It’s easy to overlook the 80s; remembered through shoulder pads, Prince Charles and Princess Diana’s wedding, and Hollywood. Nothing changed Britain more in 10 years than the jump to the 80s. It was ‘the Birth of Modern Britain’; a decade of ambition and anarchy; challenges and individuality; where out of the chaos came creativity and greed.
The decade truly began on May, 4th, 1979 with the control of Margaret Thatcher. It may have been Queen Elizabeth’s reign, but the 1980s belonged to ‘The Iron Lady’; a phrase fitting for the prime minster who took back the Falklands in 1982. Thatcher’s Britain was a controversial leadership in the UK’s economic history; where socialism didn’t work, but extreme Capitalism definitely didn’t work either.
Britain was scarred by rapid change; like the strike of 1984, the boom of unemployment, the destruction of working communities across Britain – all for a self-serving interest. The experimental economic policies of Thatcher’s government shattered the manufacturing base of the UK, with its aggressive privatisation of public sector companies. Thatcher understood Britain was changing as she came into power, and with her rule plunged Britain into a world of big egos, mass unemployment and class war.
The Birth of a New Era
Fittingly enough, the culture of the 80s was revolutionary. The pop gods and goddesses, the eccentric clothing; shell suits and PVC. Youths were made up of the androgynous heavy metal scene, along with the endogenous ‘pop’ scene. The peacocks of London; the ‘New Romantics’ – were born at the start of the new decade and a new leadership for Britain, not just in terms of politics. Food in a box was about to become infamous.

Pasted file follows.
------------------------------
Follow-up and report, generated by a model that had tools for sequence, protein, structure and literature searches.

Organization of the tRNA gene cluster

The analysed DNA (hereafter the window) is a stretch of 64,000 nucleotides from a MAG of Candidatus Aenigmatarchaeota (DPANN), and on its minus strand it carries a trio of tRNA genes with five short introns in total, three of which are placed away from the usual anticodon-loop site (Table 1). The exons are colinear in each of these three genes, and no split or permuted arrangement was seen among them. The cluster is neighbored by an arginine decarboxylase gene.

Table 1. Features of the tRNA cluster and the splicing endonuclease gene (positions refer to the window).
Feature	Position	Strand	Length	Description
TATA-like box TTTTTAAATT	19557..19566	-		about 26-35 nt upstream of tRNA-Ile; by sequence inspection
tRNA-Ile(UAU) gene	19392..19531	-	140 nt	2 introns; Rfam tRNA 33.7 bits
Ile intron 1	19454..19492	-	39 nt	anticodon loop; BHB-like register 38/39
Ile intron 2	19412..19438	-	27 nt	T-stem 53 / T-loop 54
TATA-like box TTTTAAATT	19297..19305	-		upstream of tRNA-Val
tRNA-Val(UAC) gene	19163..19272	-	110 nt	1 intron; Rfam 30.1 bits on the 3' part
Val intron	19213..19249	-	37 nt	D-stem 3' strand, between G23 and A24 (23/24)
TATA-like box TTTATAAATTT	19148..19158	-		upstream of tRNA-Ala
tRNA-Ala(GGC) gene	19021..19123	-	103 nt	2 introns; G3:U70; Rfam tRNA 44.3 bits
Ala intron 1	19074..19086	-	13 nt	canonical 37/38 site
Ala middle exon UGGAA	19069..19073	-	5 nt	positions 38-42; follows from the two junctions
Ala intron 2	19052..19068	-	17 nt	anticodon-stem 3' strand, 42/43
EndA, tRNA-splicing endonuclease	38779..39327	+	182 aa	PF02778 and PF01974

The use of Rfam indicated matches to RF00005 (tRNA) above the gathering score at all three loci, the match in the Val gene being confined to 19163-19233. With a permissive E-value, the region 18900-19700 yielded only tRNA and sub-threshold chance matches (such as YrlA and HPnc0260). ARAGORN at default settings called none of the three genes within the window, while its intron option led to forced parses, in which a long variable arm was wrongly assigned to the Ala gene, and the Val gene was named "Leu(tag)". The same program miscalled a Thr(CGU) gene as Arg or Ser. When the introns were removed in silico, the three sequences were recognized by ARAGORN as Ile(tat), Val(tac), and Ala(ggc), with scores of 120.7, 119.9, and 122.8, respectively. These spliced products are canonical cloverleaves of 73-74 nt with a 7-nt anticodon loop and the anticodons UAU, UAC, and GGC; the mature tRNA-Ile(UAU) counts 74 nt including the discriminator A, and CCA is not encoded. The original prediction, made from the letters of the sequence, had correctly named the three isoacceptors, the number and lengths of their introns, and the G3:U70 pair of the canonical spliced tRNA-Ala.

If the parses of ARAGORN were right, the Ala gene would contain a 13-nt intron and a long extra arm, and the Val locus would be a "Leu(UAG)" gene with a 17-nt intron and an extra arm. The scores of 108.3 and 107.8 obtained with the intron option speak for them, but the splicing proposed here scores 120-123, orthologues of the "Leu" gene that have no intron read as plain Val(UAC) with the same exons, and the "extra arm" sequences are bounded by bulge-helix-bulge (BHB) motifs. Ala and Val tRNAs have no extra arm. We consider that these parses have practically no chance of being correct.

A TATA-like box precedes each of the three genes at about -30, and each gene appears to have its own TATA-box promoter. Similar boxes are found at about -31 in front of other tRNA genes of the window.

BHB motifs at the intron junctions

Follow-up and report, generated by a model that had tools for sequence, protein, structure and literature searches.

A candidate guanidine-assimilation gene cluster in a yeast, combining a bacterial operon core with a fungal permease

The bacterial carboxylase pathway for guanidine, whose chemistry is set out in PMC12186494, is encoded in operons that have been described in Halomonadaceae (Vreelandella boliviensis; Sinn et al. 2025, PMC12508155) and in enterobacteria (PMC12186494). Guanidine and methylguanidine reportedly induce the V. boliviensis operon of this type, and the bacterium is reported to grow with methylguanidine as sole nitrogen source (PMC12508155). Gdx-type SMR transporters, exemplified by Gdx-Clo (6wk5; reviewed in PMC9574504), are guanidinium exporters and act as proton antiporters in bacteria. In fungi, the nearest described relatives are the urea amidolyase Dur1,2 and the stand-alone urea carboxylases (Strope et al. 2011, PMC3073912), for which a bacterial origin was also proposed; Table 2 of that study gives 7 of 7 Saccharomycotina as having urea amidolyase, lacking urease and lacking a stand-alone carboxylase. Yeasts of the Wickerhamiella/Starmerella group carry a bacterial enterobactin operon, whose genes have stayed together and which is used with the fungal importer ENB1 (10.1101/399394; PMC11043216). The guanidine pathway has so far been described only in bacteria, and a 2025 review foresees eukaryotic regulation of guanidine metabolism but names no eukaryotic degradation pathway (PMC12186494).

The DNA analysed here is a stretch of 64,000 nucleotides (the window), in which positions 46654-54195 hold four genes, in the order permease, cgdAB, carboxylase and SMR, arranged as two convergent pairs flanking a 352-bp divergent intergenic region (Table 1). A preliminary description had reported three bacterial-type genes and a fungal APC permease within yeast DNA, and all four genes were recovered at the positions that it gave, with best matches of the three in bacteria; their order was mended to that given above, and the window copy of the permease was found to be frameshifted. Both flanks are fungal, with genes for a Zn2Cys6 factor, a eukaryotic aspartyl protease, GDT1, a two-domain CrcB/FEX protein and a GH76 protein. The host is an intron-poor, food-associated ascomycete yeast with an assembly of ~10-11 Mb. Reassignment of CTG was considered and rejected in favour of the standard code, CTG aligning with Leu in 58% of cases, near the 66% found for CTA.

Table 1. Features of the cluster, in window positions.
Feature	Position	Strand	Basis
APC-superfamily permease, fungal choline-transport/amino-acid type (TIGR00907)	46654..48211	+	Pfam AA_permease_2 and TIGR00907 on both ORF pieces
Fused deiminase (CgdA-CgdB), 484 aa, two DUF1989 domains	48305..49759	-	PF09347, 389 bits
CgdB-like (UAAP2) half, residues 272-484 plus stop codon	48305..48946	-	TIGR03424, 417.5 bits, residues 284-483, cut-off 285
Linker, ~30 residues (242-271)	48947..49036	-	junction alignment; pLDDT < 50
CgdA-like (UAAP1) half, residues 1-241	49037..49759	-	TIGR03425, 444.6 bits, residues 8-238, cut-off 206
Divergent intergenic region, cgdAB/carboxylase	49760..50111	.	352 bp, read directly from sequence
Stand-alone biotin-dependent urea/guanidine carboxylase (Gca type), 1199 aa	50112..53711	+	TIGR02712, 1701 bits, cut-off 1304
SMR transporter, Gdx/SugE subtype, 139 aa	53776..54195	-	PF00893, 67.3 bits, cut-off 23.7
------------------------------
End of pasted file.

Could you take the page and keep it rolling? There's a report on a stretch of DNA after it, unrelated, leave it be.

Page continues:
Ready Meal Appeal?
After the VESTA revolution, all kinds of exotic flavours and foods decorated the supermarket shelves, leaving the hassle of ‘dinner-party’ food for more eclectic eats. The stigma of the domestic goddess had dehydrated like a pack of reconstituted eggs, while the need for convenience food was in massive demand over home-cooking. Not only VESTA, Marks and Spencer and Findus launched a tantalising variety of frozen minute-ready wonders.
With the majority of women under employment, ready meals were a relief to labour-intensive cooking. They pioneered convenience and reflected the increasing curiosity for foreign food thanks to the packaged holiday.
Rising divorce rates meant companies could capitalise on the expectancy of males turning to easy access meals, as homes were fully equipped with fridges, freezers and microwaves – all the gadgets and gizmos needed to create meals in a flash. Recognising the universal affluence of storing frozen food, companies invested in the commercial opportunities associated with it.
Marks and Spencer
1979 not only brought with it Mags and her monetarist policies, but also the beloved crumb-coated, garlic breast. Marks and Spencers released its ready-made chicken kiev; a never before seen ‘chilled’ meal that pleased consumers and their growing awareness towards fresher food.
A year later Marks and Spencer re-launched their sandwiches but pre-packed, first introduced in 1927 served from their ice-cream counters. It was the ideal quick-eat solution for workers, popping out of the office to enjoy the convenience of freshly made sandwiches of the day.
Turning a great profit, Marks and Spencer marketed its most popular sandwich flavour the following year in 1981 – prawn mayonnaise. There’s been a dramatic change of favourite sandwich flavours, BLT, chicken mayonnaise and tuna and cheese are traditional preferences of sandwich fillings.
The Fashion of Fast Food